• Sara Geenen
  • Boris VerbruggeEmail author


In this concluding chapter, we start by summarizing the main empirical contribution of this book, by focusing on diversity and connectivity in gold mining crystallizations, and on how these crystallizations are embedded in their broader institutional and ecological environment. We then turn to the main theoretical lessons, particularly for the literature on Global Production Networks (GPN). These theoretical lessons can be summarized as the need to pay more central attention to how informal activities are functionally integrated into these networks and to how these networks are shaped by their material beginnings. Finally, we develop a number of critical afterthoughts about the limitations of the approach taken by this book, which will hopefully inspire future research.


Artisanal and small-scale mining (ASM) Industrial mining Gold ASM-LSM relations Global Production Networks (GPN) Embeddedness 


  1. Azmeh, S. (2014). Labour in global production networks: Workers in the qualifying industrial zones (QIZs) of Egypt and Jordan. Global Networks, 14(4), 495–513.CrossRefGoogle Scholar
  2. Bair, J., Berndt, C., Boeckler, M., & Werner, M. (2013). Dis/articulating producers, markets, and regions: New directions in critical studies of commodity chains. Environment and Planning, 45, 2544–2552.CrossRefGoogle Scholar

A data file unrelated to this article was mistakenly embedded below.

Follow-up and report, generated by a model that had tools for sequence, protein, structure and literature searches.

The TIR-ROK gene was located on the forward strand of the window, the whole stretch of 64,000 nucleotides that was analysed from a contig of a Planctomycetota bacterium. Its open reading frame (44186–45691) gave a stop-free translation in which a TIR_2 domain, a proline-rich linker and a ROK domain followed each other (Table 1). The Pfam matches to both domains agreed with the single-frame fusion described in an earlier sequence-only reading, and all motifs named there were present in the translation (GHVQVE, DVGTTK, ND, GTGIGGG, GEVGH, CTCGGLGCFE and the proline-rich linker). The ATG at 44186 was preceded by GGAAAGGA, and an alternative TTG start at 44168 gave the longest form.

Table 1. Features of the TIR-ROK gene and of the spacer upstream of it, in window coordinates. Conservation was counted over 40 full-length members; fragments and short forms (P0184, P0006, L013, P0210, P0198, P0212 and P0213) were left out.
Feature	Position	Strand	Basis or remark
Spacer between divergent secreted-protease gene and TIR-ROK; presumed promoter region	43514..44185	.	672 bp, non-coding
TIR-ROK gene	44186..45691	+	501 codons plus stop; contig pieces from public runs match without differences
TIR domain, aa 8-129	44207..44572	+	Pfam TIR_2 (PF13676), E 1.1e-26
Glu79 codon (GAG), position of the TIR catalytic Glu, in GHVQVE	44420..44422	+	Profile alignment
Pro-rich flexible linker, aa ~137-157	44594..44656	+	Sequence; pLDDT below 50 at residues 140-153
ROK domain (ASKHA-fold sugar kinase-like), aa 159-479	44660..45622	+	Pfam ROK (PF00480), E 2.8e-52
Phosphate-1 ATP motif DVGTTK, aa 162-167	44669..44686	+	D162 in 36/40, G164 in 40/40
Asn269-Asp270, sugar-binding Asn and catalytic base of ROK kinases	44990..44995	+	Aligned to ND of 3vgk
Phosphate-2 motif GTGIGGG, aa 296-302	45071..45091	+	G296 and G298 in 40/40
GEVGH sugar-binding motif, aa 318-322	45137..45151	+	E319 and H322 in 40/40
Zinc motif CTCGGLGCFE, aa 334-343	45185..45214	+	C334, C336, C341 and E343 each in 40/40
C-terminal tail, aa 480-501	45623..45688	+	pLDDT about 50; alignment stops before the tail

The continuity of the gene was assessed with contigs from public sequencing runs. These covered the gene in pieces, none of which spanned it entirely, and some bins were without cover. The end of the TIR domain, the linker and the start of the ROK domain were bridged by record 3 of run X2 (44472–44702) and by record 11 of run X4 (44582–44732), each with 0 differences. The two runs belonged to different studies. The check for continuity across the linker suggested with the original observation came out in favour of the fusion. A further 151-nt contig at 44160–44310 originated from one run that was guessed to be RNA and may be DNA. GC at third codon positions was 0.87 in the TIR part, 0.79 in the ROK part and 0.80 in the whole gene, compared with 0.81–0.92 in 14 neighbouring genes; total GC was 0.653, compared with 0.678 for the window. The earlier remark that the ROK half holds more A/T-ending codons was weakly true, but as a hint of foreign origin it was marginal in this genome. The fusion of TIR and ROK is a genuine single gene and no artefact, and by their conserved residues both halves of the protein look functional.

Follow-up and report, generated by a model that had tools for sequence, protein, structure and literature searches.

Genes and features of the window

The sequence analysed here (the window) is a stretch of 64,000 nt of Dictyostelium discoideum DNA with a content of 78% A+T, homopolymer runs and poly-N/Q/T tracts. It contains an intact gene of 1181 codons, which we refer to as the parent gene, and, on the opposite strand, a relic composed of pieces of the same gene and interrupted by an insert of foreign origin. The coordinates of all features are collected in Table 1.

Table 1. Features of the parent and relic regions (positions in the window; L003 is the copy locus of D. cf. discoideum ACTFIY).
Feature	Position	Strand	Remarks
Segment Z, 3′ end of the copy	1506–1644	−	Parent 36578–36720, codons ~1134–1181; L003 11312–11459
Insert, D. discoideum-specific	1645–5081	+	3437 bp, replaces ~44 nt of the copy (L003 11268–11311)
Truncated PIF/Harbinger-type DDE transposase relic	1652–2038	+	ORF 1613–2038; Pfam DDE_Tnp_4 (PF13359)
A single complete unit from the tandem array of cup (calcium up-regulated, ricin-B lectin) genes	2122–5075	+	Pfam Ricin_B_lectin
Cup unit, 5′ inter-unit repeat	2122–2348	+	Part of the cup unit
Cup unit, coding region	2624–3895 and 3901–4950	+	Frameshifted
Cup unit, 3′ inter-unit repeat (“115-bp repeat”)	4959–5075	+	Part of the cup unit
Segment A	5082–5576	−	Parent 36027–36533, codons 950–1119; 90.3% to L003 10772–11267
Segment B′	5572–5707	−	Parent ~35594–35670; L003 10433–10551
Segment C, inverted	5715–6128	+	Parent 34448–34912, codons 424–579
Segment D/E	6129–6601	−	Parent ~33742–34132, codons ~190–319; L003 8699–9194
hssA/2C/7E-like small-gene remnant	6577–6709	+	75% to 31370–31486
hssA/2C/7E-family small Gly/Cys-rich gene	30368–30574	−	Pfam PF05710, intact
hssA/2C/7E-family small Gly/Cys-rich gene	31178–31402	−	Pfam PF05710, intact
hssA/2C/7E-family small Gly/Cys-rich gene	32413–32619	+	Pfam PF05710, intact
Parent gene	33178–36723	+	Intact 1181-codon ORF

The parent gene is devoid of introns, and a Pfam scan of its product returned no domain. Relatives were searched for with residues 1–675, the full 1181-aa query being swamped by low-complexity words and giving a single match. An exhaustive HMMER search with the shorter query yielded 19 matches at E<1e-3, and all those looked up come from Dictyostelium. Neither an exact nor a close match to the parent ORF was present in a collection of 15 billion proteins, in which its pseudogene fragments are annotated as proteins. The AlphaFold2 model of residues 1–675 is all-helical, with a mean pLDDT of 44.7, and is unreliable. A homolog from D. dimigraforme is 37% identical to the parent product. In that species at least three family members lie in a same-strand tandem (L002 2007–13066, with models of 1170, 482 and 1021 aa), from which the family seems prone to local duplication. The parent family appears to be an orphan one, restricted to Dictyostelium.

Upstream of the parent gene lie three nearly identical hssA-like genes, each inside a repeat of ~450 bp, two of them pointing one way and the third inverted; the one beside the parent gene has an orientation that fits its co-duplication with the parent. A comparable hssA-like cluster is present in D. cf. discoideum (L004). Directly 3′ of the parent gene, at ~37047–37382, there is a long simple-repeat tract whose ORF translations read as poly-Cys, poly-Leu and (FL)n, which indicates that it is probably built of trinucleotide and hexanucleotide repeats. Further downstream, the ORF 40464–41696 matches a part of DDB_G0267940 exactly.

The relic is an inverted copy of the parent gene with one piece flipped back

3. Bair, J., & Werner, M. (2011). Commodity chains and the uneven geographies of global capitalism: A disarticulations perspective. Environment and Planning, 43, 988–997.CrossRefGoogle Scholar
  4. Barrientos, S., Gereffi, G., & Rossi, A. (2011). Economic and social upgrading in global production networks: A new paradigm for a changing world. International Labour Review, 150(2–3), 319–340.CrossRefGoogle Scholar
  5. Bunker, S. (1984). Modes of extraction, unequal exchange, and the progressive underdevelopment of an extreme periphery: The Brazilian Amazon, 1600–1980. American Journal of Sociology, 89(5), 1017–1064.CrossRefGoogle Scholar
  6. Carswell, G., & De Neve, G. (2013). Labouring for global markets: Conceptualising labour agency in global production networks. Geoforum, 44, 62–70.CrossRefGoogle Scholar
  7. Clifford, M. J., Perrons, R. K., Ali, S. H., & Grice, T. A. (Eds.). (2018). Extracting innovations: Mining, energy, and technological change in the digital age. Boca Raton: CRC Press.Google Scholar
  8. Doherty, B. (2019). Collapse of PNG deep-sea mining venture sparks calls for moratorium. Retrieved 14 November 2019 from
  9. Geenen, S., & Verweijen, J. (2017). Explaining fragmented and fluid mobilization in gold mining concessions in eastern Democratic Republic of the Congo. The Extractive Industries and Society, 4(4), 758–765.CrossRefGoogle Scholar
  10. Hickey, S. and du Toit, A. (2007). Adverse incorporation, social exclusion and chronic poverty (CPRC Working Paper 81). University of Manchester.Google Scholar
  11. Phillips, N. (2011). Informality, global production networks and the dynamics of ‘adverse incorporation’. Global Networks, 11(3), 380–397.CrossRefGoogle Scholar
  12. Selwyn, B. (2011). Beyond firm-centrism: Re-integrating labour and capitalism into global commodity chain analysis. Journal of Economic Geography, 12, 1–22.Google Scholar

Copyright information

© The Author(s) 2020

Authors and Affiliations

  1. 1.IOBUniversity of AntwerpAntwerpBelgium
  2. 2.HIVAKU LeuvenLeuvenBelgium

Personalised recommendations